Real-time tracking of virus evolution

Trevor Bedford (@trvrb)
29 Oct 2015
Evolution Seminar
JF Crow Institute, UW Madison

Slides at


Phylogenies describe history

Phylogenies describe history

Haeckel 1879

Phylogenies describe history

Phylogenies reveal process

Darwin 1859


With source-sink dynamics, one deme is ancestral


Epidemic process

Sample some individuals

Sequence and determine phylogeny

Sequence and determine phylogeny

Middle Eastern MERS-CoV phylogeny

West African Ebola phylogeny

Global influenza phylogeny

Applications of evolutionary analysis for influenza vaccine strain selection and charting outbreak spread


Influenza virion

Flu pandemics caused by host switch events

Influenza B does not have pandemic potential

Phylogenetic trees of different influenza lineages

Antigenic evolution drives viral dynamics

Antigenic evolution in H3N2

Influenza H3N2 vaccine updates

Vaccine strain selection timeline

Antigenic "match" of key importance

Antibodies by vaccination should effectively bind to circulating viruses. This requires:

  1. Identification of antigenically distinct clades of virus
  2. Prediction of clade growth/decline

Hemagglutination inhibition (HI) assays measure binding

Antigenic cartography

H3N2 population in Feb 2014

H3N2 population in Jun 2014

H3N2 population in Oct 2014

H3N2 population in Feb 2015

Resulted in a mismatched 2014-2015 vaccine


Project to provide a real-time view of the evolving influenza population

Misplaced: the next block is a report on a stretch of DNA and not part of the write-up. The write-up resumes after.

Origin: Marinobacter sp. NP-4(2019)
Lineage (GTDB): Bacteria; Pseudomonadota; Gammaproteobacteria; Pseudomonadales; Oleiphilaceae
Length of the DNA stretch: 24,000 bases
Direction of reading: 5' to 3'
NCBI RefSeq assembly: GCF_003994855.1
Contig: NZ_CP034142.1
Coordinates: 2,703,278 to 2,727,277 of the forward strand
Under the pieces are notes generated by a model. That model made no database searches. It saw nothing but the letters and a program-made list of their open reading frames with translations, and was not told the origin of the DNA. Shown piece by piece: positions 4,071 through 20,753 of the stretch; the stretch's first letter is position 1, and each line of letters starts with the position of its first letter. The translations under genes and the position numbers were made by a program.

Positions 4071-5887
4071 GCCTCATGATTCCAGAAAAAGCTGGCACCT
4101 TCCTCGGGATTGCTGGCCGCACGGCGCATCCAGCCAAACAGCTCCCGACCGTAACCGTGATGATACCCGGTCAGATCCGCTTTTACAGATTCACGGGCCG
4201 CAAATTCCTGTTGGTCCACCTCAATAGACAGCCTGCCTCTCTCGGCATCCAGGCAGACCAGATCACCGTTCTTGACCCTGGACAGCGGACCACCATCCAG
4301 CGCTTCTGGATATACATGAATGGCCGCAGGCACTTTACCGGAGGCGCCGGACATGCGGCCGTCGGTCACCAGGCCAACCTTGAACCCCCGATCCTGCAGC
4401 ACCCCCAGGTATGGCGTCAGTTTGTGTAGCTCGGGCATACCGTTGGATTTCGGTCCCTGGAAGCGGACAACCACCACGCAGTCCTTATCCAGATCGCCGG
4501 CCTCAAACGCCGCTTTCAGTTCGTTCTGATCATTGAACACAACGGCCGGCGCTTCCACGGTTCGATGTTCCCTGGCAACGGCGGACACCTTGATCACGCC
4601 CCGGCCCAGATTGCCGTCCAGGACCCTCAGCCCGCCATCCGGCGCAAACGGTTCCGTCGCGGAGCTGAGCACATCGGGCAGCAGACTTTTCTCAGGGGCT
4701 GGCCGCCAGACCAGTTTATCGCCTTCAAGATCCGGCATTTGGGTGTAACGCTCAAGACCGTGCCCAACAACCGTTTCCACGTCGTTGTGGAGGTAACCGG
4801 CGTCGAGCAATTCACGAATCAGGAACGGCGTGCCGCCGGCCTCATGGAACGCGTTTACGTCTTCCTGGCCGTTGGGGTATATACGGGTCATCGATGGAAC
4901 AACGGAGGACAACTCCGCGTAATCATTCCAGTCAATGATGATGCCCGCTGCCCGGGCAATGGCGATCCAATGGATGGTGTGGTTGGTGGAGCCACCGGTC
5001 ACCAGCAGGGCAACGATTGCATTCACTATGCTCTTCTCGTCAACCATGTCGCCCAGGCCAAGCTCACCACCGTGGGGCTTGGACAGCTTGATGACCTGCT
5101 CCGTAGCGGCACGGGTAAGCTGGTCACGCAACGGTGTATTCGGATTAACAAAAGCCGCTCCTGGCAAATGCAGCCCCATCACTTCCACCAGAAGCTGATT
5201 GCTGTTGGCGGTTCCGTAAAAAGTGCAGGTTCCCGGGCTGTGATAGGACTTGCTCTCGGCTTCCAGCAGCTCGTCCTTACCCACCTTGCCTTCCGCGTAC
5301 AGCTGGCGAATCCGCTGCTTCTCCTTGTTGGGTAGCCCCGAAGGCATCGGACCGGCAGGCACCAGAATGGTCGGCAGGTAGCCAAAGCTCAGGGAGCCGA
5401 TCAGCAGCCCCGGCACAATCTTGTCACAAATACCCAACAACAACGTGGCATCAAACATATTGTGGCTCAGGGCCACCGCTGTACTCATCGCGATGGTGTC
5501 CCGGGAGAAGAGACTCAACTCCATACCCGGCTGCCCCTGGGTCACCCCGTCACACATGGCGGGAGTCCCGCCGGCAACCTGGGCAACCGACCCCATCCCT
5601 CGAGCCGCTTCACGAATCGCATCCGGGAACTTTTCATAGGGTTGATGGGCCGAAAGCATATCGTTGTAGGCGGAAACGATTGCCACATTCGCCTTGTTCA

All in collaboration with Richard Neher

nextflu pipeline

  1. Download all recent HA sequences from GISAID
  2. Filter to remove outliers
  3. Align sequences
  4. More filtering
  5. Build tree
  6. Estimate frequencies
  7. Export JSON for visualization

Predictive models

A simple predictive model estimates the fitness $f$ of virus $i$ as

$$\hat{f}_i = \beta^\mathrm{ep} \, f_i^\mathrm{ep} + \beta^\mathrm{ne} \, f_i^\mathrm{ne}$$

where $f_i^\mathrm{ep}$ measures cross-immunity via substitutions at epitope sites and $f_i^\mathrm{ep}$ measures mutational load via substitutions at non-epitope sites.

Predictive models

Another approach quantifies phylogenetic branching patterns

We're now working to include quantitative predictions of future clade behavior in nextflu

And also including other predictors, like geography:

Global influenza phylogeny

Track geographic transition events

Global influenza circulation shows source-sink dynamics

Evolutionary analyses can inform influenza vaccine strain selection


Epidemic nearly contained, but resulted in >28,000 confirmed cases and >11,000 deaths

Outbreaks are independent spillovers from the animal reservoir

Person-to-person spread in the early West African outbreak

Continued spread through Dec 2014

At epidemic height, geographic spread of particular interest

Rambaut 2015

Later on, tracking transmission clusters of primary importance

Middle East respiratory syndrome coronavirus (MERS-CoV)

Cases concentrated in the Arabian Peninsula with occasional exports

No evidence of epidemic growth, spill-over transmission clusters

Bats ➞ Camels ➞ Humans

Moving forward, genetically-informed outbreak response requires:

  • Rapid sharing of sequence data, genetic context critical
  • Technologies to rapidly conduct phylogenetic inference
  • Technologies to explore genetic relationships and inform epidemiological investigation


Richard Neher (Max Planck Tübingen), Andrew Rambaut (University of Edinburgh), Colin Russell (Cambridge University), Michael Lässig (University of Cologne), Marta Łuksza (Institute for Advanced Study), Gytis Dudas (University of Edinburgh), Pardis Sabeti (Harvard University), Danny Park (Harvard University), Nick Loman (University of Birmingham) Matthew Cotten (Sanger Institute), Paul Kellam (Sanger Institute), WHO Global Influenza Surveillance Network



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